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Stop Overeating At Parties

Written: 12/24/2007


Yesterday there was a huge party for the end-of-year holidays. And as everybody certainly knows the holiday season is a time when our taste buds are often coveted! What better way to have fun and enjoy delicious food with the people you love? Actually the holiday season is the one season where most people tend to put on weight. So to avoid this problem of "weight gain" during festive seasons, learn to recognize the signals of binge-eating.

  • Eating in the company of other people.

    The author of Mindless Eating, Mr Wansink, states that you eat 33% more in the company of another person than what you would eat if you were alone. And the more people there are at the dining table, the more incline you are to consume more food. The reason behind this is that eating with others, generally prolonged the eating time. Just imagine 15 people eating together!

  • Dim Lighting, Party Music

    Actually the dim lighting is conducive to over-eating because it is relaxing whereas the party music incites you to eat quickly because it is a stressor.

  • Food at the tips of your hands

    Some time back we carried out an experiment on the effects of food and weight gain. We placed some candy in a transparent jar in front of 10 students while they were studying and placed some candy in an opaque jar in front of 10 other students. The students with the transparent jar served themselves 72% more than those with the opaque jar. This proves that the mere fact of having food in sight leads to binge-eating.

  • Color of foods

    Again we carried out a similar study as the one shown above. We filled a jar with M&M's which are colored chocolate candies and placed it in front of 10 students. We filled another jar with maltesers which are candies surrounded by a layer of chocolate. Both jars were transparent. The study showed that 27% more M&M's were eaten than Maltesers. This is not because M&M's are tastier than Maltesers. Both are very tasty candies. This is because the wide variety of colors in the jar is an incentive to eat more. Indeed, it seems that even if all candies taste the same thing but are of different colors (as in the case of the M & M candy), we are likely to eat more because there are several different colors, as if we had more different foods to taste.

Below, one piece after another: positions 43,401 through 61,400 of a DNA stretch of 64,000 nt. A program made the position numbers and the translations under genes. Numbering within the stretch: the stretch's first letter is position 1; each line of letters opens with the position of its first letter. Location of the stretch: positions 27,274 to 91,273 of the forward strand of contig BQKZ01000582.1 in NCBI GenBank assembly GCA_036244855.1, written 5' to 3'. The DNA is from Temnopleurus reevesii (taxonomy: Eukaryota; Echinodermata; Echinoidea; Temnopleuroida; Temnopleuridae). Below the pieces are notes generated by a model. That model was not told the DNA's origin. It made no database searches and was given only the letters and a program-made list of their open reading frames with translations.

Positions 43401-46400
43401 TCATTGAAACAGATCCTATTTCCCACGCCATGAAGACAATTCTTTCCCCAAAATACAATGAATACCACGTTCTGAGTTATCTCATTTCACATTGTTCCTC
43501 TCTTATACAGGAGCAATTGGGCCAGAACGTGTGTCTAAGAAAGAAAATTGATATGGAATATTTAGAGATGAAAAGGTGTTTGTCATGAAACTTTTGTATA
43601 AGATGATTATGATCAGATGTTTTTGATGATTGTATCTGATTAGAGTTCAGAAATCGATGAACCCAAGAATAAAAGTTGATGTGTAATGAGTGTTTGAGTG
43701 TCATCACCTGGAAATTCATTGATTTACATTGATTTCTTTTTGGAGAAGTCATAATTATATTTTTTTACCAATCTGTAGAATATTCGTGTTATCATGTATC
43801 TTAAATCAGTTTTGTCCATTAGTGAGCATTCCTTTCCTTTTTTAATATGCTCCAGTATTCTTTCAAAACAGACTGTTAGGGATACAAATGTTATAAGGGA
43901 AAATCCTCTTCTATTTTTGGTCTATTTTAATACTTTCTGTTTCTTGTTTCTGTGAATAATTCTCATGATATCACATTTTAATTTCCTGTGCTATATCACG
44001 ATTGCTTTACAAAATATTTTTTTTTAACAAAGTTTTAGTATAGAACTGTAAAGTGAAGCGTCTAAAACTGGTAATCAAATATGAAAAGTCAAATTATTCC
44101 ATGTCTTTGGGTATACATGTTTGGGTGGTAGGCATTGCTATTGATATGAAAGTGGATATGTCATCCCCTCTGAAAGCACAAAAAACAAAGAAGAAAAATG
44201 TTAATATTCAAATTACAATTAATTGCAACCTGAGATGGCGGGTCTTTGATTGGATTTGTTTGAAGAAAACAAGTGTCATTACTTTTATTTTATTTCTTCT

• Plate Size

    Even I am not immune from these external incentives! A study that were conducted on me has shown that when I was given a large bowl, I use 31% more ice cream than when I was given a bowl smaller. Even more amazingly, I had no idea I was eating more.

In conclusion, the atmosphere that we create during the holidays, or lights, a large dining table together, music, the type and size of the plates and bowls, with the variety of dishes that we choose, help increase the amount of food we eat, unknowingly.

That being said, is there a solution? Should we modify the environment food during the holidays or attempt to remain vigilant and be satisfied with the resolution of losing excess weight quickly after the holidays?

For the importance of pleasure, if any, linked to the holiday season, I believe we should not modify the environment too, but remain vigilant. As far as calling in January resolutions to eat well, I do not believe in it. I even think that it is the best way to accumulate a lot of pounds too. If you are vigilant to the "external" incentives (I have just described), and you listen to your internal signals of hunger and satiety, the resolutions of January to lose weight will not be necessary.


Ackownledgement: A great thanks to all my friends who were kind enough to take part in these experiments.


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